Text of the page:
Researchers at BlackBerry believe they have identified a new threat actor that acts as an initial access broker for a number of hacking groups, including two ransomware gangs and an attacker who does espionage. Dubbed Zebra2104 is the connection between the MountLocker and Phobos ransomware gangs and an espionage related advanced persistent threat group called StrongPity.

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It’s visualize how threat actors specialize in various parts of the cybersecurity attack chain. Initial access brokers break into organizations’ IT networks in a variety of ways, then sell that access to the highest bidder on underground forums. Prices range from $25 to thousands of dollars, depending on the perceived value of the target. It’s the winning bidder that actually launches the malware on the victim’s systems.

If you take the behaviours we’ve seen [such as indicators of compromise] you can then realize those are related to a specific threat actor, so if you can protect yourself against the initial access broker … it lets you understand who you are being targeted

Blackberry statement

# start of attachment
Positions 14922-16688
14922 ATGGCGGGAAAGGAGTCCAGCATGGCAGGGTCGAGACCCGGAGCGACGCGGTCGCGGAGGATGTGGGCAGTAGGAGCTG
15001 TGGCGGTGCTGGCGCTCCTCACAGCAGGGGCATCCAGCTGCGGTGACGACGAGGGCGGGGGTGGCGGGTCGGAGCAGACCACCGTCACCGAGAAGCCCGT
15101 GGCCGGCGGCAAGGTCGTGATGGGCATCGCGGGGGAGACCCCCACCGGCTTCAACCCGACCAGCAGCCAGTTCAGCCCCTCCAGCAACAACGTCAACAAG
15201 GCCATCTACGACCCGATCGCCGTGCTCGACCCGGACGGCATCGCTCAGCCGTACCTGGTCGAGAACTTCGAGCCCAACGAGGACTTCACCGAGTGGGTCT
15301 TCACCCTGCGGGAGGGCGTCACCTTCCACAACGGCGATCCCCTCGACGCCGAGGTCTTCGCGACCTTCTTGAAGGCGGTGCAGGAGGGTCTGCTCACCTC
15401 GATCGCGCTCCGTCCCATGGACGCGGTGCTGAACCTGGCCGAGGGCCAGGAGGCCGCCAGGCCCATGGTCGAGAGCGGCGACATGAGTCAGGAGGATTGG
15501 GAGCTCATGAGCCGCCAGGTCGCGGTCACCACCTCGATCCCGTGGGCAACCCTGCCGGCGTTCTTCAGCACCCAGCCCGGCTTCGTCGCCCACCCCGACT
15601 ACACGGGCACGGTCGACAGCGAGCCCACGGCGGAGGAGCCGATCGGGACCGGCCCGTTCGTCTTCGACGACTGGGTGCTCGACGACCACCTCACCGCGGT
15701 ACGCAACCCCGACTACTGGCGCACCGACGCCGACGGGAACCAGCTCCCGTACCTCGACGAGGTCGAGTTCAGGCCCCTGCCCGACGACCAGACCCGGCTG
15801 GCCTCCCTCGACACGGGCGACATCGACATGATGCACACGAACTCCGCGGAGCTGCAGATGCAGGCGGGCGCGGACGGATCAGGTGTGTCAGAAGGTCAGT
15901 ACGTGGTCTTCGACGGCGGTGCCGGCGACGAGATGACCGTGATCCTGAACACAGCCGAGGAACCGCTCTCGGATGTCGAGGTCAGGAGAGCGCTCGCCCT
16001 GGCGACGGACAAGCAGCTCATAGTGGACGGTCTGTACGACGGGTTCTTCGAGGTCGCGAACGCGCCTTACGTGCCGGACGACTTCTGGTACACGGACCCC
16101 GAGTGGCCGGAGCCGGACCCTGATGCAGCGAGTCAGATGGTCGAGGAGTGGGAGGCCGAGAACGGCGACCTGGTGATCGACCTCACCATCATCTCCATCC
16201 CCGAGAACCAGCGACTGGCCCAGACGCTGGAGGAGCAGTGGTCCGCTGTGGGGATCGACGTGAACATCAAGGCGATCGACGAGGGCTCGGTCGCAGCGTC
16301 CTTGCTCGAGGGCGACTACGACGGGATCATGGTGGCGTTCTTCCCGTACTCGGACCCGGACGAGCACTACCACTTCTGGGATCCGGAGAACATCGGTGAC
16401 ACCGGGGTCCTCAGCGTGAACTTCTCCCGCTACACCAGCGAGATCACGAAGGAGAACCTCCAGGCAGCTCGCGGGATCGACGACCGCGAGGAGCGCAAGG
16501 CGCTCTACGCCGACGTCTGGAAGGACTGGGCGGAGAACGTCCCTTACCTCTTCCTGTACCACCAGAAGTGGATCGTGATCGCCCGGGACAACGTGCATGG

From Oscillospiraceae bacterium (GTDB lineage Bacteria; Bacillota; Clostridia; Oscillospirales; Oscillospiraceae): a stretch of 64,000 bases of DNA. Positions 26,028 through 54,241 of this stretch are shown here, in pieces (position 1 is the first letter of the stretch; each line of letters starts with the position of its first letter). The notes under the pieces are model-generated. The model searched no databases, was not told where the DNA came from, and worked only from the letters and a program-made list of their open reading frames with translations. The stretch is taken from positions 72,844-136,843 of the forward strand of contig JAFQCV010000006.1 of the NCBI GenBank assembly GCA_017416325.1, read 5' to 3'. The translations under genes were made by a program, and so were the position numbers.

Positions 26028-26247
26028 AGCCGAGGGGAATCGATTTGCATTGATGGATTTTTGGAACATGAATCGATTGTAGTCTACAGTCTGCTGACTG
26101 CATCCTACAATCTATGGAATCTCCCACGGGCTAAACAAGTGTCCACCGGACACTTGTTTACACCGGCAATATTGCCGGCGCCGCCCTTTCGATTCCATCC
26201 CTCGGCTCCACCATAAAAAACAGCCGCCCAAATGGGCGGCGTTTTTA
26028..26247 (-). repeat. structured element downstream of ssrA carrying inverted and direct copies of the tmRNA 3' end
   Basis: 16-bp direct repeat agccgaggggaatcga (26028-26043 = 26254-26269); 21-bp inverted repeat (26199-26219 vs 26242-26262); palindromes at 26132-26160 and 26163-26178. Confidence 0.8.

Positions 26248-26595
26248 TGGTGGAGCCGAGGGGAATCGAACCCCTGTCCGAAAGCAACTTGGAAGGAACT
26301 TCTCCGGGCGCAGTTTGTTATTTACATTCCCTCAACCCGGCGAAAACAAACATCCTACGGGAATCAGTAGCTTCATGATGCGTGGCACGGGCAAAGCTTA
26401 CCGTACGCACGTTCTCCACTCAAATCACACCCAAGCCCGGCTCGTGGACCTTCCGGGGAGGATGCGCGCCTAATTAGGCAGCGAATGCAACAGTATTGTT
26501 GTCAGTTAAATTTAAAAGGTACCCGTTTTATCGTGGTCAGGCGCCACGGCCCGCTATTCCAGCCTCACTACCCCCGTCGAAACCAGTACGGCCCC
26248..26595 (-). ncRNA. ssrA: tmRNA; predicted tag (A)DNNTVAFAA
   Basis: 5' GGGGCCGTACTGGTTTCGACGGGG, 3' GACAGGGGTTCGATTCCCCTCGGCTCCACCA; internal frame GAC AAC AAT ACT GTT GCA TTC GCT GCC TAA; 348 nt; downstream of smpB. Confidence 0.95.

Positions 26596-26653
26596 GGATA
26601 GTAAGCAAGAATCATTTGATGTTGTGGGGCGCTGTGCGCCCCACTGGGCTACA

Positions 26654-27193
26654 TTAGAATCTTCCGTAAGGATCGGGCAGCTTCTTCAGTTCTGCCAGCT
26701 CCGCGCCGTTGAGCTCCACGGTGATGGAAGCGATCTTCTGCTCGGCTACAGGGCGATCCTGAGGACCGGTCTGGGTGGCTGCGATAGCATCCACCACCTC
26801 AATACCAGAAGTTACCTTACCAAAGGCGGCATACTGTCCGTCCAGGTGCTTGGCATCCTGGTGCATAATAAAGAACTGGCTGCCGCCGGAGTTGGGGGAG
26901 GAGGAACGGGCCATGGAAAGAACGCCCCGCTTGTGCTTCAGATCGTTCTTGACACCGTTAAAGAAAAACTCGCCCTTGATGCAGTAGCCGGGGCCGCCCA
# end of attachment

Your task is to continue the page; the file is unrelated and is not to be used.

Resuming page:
The search started with the investigation of a domain serving Cobalt Strike Beacons. Cobalt Strike is a legitimate tool used by penetration testers for simulating cyber attacks that is also being used by threat actors. That led researchers to other domains, and a mail server that was pushing out malware campaigns. Two of the domains were involved in phishing campaigns against targets in Australia.

Using publicly available research like Cisco Systems, DFIR, a Microsoft blog, and a Sophos report that mentions indicators of compromise and suspicious domains, as well as a search on the Russian WHOIS internet registry for information about who is behind a domain researchers found a trail of IP addresses that led to three of the threat actors, and infrastructure they seemingly shared.

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Report concluded that Zebra2104, which is either an initial access broker or provides infrastructure-as-a-service to threat groups. It is only by the tracking, documenting and sharing of threat intelligence that the cyber security community can monitor and defend against threat groups.